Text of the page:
Anyway, Jonah Hill plays an on-suspension college student who takes a job as a baby-sitter and has a wild and crazy night when he takes the kids to what he thinks is going to be a drunken hook-up and ends up getting chased by drug dealers, one of whom is played by Sam Rockwell. The trailer does look quite promising and I like some of Hill's line deliveries (“I came for the mother-fucking keys to my mother-fucking mini-van and THAT'S what's up!”), plus Rockwell is always good value. Interesting to note that Hill doesn't appear to have a wisecracking (or stoner) best friend in the film – a James Franco to his Seth Rogen, so to speak. Anyway, it doesn't open here till 27th January, which means there's a slim chance it'll play the London Film Festival, but I wouldn't count on it.

Top 10 Films On Release This Week (as recommended by me):
Compared to last week's eight new entries, this week seems like something of a slow-down, with only three new films making it into the top ten. They are: Ben Wheatley's brilliant hitman horror Kill List, French drama The Hedgehog (sadly not actually about a hedgehog but still very good) and the remake of Fright Night, starring My Good Friends Anton Yelchin and Christopher Mintze-Plasse. It's also worth noting that the previous number one on that list (The Interrupters) is still showing in second run venues – it's at Riverside Studios later this week in London, for example – so keep an eye out for it, as it's one of the best films of the year.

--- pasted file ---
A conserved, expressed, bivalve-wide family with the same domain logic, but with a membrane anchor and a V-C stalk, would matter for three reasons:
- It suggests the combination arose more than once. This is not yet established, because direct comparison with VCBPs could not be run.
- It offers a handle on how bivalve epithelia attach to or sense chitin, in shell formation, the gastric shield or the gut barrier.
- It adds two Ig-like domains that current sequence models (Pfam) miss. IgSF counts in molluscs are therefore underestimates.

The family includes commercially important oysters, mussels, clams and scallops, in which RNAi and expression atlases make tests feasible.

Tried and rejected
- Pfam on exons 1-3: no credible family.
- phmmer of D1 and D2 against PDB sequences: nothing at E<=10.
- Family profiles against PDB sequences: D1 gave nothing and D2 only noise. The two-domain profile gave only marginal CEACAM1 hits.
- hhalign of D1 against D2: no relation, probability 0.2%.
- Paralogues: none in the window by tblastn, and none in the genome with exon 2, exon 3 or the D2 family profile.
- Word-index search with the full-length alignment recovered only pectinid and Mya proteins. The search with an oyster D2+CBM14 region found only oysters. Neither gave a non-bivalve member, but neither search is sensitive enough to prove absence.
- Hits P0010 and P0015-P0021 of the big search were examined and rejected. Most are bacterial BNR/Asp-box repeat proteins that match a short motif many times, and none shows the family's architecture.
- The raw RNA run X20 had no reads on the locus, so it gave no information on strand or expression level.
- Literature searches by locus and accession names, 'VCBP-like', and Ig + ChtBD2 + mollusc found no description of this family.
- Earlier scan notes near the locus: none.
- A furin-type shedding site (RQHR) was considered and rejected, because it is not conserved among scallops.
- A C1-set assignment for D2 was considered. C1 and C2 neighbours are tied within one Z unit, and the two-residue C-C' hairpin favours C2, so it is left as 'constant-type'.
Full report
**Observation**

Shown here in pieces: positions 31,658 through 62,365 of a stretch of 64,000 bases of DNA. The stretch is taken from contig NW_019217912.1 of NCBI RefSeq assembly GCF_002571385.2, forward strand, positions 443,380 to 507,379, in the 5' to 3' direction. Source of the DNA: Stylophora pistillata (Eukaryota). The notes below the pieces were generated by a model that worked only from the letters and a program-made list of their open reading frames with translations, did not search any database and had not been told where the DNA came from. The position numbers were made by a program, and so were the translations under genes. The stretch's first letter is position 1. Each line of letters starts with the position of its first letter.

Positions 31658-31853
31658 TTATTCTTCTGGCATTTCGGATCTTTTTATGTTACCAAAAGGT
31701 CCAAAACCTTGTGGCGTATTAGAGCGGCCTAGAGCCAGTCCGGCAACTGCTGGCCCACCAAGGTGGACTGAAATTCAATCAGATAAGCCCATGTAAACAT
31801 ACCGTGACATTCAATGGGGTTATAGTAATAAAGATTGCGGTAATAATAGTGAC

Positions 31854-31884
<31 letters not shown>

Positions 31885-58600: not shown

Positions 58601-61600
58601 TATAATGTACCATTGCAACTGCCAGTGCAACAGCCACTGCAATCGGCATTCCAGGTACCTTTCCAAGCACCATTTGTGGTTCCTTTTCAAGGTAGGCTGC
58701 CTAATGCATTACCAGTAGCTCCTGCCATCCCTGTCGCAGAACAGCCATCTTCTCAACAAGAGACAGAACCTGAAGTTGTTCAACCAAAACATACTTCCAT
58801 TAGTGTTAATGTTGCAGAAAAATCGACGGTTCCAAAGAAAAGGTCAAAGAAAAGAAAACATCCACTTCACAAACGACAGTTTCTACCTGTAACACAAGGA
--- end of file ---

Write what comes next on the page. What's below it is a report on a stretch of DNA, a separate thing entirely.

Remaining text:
We have several new interviews this week too, including: an exclusive interview with Weekender (and Skins) star Jack O'Connell; semi-exclusive interviews with Ben Wheatley and actors Neil Maskell and MyAnna Buring for Kill List; and an exclusive interview with my aforementioned Good Friends Anton Yelchin and Christopher Mintz-Plasse for Fright Night.

Elsewhere you can still read our exclusive interview with John Michael McDonagh (writer-director of The Guard); an exclusive interview with Jason “Muscles” Momoa, star of Conan the Barbarian; a semi-exclusive interview with the four stars of The Inbetweeners; an exclusive interview with Bob Ingersoll, one of the chimp-handlers featured in Project Nim; press conference interviews with the stars and director of Cowboys & Aliens and our semi-exclusive interview with the lovely Audrey Tautou, star of Beautiful Lies.

Come back next week for an exclusive interview with TrollHunter director Andre Ovredal and a semi-exclusive interview with Tom Hardy and Joel Edgerton, stars of next week's Warrior.